Respected CBS News correspondent Harold Dow died on Saturday (August 31st) at the age of 62. The death is a shock to all of those who follow black public figures, as Dow was one of the most-respected black journalists in America.
Dow leaves behind his wife, Kathy, and their three children. Dow was with CBS for nearly 40 years, covering some of the leading stories across America. He even covered the kidnapping of Patty Hearst and the release of Nelson Mandela.
Dow is the winner of the prestigious Peabody Award and the Edward R. Murrow Award. He was also nearly killed during the falling of the twin towers on September 11, 2001. One of his greatest feats was getting the first interview with O.J. Simpson, after the murders of Ronald Goldman and Nicole Brown Simpson.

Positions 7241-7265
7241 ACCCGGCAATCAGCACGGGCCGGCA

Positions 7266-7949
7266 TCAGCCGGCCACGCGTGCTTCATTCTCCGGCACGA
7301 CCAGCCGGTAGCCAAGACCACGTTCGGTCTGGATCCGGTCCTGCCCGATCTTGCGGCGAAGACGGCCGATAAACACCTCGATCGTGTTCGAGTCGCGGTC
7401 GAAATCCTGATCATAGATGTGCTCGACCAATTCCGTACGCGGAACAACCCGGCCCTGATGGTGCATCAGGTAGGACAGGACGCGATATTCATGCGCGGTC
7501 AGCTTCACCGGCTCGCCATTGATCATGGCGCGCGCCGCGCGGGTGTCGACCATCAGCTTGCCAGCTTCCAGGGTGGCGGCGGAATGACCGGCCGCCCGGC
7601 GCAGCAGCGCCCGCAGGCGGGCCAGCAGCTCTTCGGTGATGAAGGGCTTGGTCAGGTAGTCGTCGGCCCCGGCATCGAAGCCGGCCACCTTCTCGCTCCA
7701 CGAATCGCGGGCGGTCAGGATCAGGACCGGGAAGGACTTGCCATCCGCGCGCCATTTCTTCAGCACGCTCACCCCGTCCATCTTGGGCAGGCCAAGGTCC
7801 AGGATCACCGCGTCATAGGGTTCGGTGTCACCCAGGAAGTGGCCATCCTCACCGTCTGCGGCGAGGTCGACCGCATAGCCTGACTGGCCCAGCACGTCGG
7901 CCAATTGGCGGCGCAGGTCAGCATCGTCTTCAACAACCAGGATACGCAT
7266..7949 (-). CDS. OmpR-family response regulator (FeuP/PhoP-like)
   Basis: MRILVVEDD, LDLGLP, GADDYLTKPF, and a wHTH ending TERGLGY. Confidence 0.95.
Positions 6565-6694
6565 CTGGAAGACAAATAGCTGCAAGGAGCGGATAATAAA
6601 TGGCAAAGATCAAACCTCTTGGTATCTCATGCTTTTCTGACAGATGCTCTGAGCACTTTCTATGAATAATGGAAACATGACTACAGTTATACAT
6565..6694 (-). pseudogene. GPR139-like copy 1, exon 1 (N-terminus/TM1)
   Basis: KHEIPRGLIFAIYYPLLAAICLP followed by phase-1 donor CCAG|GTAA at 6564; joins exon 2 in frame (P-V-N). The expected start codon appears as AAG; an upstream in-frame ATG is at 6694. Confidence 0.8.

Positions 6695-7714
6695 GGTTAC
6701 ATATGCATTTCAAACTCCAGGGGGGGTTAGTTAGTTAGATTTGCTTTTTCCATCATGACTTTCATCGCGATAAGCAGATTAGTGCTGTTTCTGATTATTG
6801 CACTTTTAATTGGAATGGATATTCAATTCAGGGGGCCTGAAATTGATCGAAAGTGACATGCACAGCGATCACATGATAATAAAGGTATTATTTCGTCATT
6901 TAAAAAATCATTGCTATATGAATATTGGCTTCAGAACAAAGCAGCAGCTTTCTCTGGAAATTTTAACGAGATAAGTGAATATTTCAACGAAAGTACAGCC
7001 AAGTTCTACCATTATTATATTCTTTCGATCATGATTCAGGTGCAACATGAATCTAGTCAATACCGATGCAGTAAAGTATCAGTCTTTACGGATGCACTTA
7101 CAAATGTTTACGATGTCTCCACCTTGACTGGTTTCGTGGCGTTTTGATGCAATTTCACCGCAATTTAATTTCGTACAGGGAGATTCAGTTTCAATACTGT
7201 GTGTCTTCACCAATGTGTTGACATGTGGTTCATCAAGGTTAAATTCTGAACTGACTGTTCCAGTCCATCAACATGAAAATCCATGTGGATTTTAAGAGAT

In a recent interview, Dow had this to say:
“I’ve traveled all over the world. I’ve seen things few people in life get a chance to see up front and personal. I covered the tsunami in Sri Lanka. I was in South Africa when Nelson Mandela was freed. I traveled with him across the United States when he gave his tour. There’s just moments, places I’ve been that I think truly changed my life.”
Harold Dow’s death is a sad and untimely end to an outstanding career. He lived his life to the fullest, and made the most of the opportunities presented before him. He started with almost nothing and turned that into almost everything. His life and work are going to be remembered for a very long time and he will certainly be missed.
Dr. Boyce Watkins is the founder of the Your Black World Coalition and a Scholarship in Action Resident of the Institute for Black Public Policy.